The idiom "Cross the Sea in Secret" comes from the story of how Xue Ren Gui (薛仁贵 xuē rén guì) skillfully helped Emperor Tai Zong of Tang (唐太宗 táng tài zōng) cross the sea.
In the early years of the Tang Dynasty (唐朝 táng cháo) (618–907 ADE), Tai Zong led an army to defeat Goryeo1. He defeated Gai Su Wen2 (盖苏文 gài sū wén) in Liao Dong (辽东 liáo dōng) who then fled across the sea to the Korean Peninsula in retreat. Tai Zong was preparing to cross the sea to continue his attack, however, as he reached the sea and witnessed it's boundlessness, he felt sick to his stomach and nearly fell off his horse.
1 Goryeo was a Korean kingdom founded in 918, during a time of national division called the Later Three Kingdoms period, that unified and ruled the Korean Peninsula until 1392.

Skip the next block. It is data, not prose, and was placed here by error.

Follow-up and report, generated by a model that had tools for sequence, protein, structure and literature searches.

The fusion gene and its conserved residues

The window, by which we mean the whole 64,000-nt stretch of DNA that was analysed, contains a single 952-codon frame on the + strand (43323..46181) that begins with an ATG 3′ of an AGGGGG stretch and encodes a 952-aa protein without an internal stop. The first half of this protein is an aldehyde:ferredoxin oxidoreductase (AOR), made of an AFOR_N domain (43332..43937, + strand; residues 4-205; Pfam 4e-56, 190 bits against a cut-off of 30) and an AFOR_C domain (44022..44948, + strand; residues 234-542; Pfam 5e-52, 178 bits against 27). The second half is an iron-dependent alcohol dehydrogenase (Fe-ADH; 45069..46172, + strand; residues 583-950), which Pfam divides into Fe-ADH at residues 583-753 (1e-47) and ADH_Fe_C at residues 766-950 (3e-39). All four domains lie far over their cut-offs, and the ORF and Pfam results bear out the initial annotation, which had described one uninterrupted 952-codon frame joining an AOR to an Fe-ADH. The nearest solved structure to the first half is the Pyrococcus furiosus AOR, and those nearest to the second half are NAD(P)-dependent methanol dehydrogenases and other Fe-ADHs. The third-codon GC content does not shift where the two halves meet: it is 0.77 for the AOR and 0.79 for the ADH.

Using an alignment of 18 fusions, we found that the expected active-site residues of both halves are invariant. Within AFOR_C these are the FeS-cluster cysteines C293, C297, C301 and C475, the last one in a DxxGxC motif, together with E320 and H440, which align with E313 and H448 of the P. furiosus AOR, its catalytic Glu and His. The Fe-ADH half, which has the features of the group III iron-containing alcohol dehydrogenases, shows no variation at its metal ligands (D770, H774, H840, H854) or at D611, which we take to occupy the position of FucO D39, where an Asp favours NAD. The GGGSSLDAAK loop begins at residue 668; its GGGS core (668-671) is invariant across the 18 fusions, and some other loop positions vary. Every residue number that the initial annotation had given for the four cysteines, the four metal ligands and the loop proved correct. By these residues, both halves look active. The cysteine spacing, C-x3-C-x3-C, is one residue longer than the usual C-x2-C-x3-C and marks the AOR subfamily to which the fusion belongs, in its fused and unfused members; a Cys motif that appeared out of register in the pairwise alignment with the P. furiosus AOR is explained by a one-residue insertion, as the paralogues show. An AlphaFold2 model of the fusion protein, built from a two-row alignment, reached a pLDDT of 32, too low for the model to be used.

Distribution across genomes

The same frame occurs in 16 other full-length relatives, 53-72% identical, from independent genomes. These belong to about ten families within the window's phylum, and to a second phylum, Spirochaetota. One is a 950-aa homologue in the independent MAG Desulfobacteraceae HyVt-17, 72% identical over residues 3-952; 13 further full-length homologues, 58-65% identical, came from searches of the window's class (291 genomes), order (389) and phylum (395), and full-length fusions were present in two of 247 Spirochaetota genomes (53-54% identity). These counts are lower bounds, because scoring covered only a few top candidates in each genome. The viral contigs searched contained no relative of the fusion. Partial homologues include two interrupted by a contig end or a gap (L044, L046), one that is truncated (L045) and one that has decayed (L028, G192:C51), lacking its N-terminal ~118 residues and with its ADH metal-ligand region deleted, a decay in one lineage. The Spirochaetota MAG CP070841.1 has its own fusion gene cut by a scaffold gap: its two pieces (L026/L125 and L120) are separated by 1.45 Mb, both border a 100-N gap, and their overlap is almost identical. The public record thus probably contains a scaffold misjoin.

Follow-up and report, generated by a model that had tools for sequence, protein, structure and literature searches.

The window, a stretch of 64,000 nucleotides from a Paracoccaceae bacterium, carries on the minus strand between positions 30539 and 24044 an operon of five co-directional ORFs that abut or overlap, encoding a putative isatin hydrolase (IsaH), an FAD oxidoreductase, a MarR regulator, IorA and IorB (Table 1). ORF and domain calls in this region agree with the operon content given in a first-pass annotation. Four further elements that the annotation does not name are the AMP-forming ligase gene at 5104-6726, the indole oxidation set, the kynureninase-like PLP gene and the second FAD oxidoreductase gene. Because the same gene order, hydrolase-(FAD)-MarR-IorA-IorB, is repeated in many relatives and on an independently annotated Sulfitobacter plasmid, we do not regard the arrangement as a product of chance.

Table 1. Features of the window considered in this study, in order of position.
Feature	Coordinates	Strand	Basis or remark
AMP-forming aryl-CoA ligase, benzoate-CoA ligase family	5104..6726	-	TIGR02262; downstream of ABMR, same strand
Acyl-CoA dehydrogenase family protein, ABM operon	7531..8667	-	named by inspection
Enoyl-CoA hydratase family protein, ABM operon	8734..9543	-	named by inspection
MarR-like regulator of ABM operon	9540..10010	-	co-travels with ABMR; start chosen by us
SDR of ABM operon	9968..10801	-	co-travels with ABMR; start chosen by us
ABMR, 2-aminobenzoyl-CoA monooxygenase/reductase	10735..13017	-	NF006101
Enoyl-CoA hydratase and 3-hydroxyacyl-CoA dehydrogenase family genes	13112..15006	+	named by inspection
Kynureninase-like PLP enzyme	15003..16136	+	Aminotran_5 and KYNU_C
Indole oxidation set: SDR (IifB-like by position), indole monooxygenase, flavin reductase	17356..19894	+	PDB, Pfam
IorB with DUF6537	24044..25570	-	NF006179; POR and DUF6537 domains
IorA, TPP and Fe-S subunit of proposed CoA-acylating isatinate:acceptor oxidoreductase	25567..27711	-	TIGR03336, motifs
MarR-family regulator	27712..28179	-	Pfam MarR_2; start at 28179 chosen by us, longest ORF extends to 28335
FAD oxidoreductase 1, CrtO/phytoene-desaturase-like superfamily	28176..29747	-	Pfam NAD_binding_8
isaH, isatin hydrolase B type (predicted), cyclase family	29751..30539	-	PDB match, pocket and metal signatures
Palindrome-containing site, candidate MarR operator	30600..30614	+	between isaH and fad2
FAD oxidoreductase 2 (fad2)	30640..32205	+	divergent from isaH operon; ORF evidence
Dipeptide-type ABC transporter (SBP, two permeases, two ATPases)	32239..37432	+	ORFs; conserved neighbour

2 Gai Su Wen was a military dictator (603-666 ADE) in Goryeo.
When his army was prepared and it was time for Tai Zong to climb on his boat, he refused to board. One after the other his generals tried to persuade him, but to no avail. His Chief Marching Commander, Zhang Shi Gui (张士贵 zhāng shì guì), returned to the Great Horde3 frustrated and at wits end. His deputy, Xue Ren Gui, came to him and whispered in his ear. Zhang Shi Gui nodded in agreement.
3 The Great Horde was a Tatar-Mongol khanate that existed from about 1466 to 1502.